Dr Jane McCabe will give a talk today on Dunedin’s Indian connections, specifically Kalimpong, where Dr. Graham operated an orphanage for Anglo-Indian children. Some of these children were sent to Dunedin in the early decades of the twentieth century. In the afternoon’s talk Jane will discuss the pathways and fate of these children once in New Zealand. Everyone is welcome to attend this free public event, which begins at 2pm in Toitu’s Auditorium.
March 23 is Otago Anniversary Day, but it also happens to be the occasion for the launch of a new initiative from the Centre for Research on Colonial Culture: Global Dunedin. Have a look at Global Dunedin’s Blog, which is designed to serve as a forum for discussing Dunedin’s historical development and its changing economy, social life, and cultural pattern. The project will showcase how the city has changed over time and the ways in which its pasts have shaped its current and future prospects. The blog – together with an associated Facebook page and Twitter account (@GlobalDunedin) – will disseminate reflections on the city’s history and life here now.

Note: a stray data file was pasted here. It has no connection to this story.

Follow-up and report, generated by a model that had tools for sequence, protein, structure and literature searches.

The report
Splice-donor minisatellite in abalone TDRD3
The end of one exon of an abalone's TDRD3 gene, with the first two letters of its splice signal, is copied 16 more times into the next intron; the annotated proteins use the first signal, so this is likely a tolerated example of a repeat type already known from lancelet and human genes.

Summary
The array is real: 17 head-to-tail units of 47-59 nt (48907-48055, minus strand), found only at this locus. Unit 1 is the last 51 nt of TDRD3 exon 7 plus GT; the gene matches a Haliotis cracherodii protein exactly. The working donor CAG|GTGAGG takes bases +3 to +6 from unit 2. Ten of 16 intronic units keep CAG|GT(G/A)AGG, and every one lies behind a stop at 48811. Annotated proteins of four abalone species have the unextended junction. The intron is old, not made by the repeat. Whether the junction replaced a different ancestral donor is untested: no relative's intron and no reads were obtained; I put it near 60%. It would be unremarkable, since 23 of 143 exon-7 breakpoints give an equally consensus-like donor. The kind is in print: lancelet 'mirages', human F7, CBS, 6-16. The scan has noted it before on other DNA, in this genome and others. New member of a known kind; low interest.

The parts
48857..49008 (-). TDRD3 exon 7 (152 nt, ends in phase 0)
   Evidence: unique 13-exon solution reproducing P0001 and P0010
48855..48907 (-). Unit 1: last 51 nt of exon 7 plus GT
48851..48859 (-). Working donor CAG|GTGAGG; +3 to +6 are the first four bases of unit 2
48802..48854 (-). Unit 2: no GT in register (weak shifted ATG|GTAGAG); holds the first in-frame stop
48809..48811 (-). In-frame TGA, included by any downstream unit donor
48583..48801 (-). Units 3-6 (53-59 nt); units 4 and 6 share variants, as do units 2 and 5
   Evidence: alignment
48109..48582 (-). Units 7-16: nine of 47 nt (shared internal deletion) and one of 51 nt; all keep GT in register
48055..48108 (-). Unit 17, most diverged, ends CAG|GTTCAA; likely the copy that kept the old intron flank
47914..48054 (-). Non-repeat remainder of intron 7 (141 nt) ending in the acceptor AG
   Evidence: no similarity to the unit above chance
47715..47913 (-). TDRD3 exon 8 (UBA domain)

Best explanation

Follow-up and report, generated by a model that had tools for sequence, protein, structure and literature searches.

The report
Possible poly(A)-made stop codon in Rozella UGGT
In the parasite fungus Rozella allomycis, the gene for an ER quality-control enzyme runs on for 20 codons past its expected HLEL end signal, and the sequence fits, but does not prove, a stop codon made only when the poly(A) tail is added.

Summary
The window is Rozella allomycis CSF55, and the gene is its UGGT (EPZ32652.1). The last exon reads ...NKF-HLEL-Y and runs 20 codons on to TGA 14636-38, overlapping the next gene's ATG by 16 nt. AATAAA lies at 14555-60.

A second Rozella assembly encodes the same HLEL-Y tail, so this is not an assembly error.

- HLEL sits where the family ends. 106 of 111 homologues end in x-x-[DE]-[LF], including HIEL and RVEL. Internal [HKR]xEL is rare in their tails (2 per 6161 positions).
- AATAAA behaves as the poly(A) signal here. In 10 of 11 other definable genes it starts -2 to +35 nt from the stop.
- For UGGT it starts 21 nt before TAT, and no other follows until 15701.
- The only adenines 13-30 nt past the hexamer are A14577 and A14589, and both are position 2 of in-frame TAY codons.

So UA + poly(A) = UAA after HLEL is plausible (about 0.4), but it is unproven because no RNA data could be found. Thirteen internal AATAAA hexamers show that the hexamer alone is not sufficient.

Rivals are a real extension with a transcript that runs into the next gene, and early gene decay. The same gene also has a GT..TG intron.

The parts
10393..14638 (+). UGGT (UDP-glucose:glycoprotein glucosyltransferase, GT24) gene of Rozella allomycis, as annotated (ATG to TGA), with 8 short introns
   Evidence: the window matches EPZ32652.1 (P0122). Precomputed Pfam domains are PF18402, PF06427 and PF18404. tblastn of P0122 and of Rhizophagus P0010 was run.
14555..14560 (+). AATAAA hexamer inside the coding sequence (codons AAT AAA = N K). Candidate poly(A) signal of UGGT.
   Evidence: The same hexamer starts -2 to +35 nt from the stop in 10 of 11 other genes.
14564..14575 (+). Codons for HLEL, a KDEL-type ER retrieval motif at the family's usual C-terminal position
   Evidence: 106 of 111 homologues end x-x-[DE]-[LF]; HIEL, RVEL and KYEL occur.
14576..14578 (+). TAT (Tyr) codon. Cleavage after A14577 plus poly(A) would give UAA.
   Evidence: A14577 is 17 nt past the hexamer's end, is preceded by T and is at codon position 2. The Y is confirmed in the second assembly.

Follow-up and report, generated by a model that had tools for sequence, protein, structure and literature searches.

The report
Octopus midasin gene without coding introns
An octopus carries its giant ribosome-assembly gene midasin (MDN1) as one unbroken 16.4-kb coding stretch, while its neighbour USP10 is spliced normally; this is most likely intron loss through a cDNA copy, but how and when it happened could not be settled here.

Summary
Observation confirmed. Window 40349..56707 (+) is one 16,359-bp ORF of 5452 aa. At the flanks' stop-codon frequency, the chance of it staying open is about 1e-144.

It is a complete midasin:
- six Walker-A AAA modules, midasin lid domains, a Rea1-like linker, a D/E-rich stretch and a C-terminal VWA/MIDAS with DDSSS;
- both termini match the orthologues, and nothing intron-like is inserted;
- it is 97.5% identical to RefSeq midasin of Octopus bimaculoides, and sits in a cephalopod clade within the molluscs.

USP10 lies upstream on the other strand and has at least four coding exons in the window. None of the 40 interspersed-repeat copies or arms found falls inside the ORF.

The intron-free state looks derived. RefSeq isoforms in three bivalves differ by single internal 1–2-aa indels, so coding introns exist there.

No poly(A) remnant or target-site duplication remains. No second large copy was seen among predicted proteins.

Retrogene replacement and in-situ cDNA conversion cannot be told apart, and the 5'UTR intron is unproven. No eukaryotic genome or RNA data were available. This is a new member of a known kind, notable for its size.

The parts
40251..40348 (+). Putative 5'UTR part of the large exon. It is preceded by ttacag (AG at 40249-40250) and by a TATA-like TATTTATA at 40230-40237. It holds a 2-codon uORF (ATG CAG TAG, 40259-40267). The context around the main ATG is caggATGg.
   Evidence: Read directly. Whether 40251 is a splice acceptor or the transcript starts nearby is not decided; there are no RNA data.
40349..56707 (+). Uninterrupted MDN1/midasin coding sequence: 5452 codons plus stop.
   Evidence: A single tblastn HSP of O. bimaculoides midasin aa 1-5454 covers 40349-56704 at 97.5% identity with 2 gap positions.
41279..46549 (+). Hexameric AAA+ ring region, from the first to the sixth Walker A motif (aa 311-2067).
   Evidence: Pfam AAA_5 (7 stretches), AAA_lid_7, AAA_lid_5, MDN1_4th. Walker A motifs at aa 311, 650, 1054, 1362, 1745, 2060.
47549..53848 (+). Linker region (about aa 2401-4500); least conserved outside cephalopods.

In addition to a social media presence, the Global Dunedin project team are also running a public lecture series in conjunction with Toitū Otago Settlers Museum: in these Sunday afternoon talks, leading local researchers and thinkers will reflect on different aspects of Dunedin’s past and present.
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Jock Phillips, an eminent historian in both academic and public domains has just annointed Dunedin as the powerhouse of NZ historical research and scholarship. And this just days after Unesco named Dunedin a Creative City of Literature. Jock, until recently the Ministry of Culture and Heritage’s General Editor of Te Ara: the Encyclopedia of New Zealand has suggested in his latest blogpost that “New Zealand history moves south”, citing examples of the academic strength of historians at the University of Otago, its public institutions, such as Toitū: Otago Settlers Museum, as well as citizen-driven initiatives. Whatever aspect of history turns you on, Jock suggests that “Dunedin in 2015 is the place to be”. Click here to read Jock’s blogpost.
Gyles Beckford reviewed Erik Olssen’s Working Lives c. 1900 a photographic essay today on National Radio’s Nine to Noon programme with Kathryn Ryan. They described this as “a great book”. Emeritus Professor Erik Olssen is a treasured member of CROCC. Click here to listen to the review. (Length 4′ 44″.)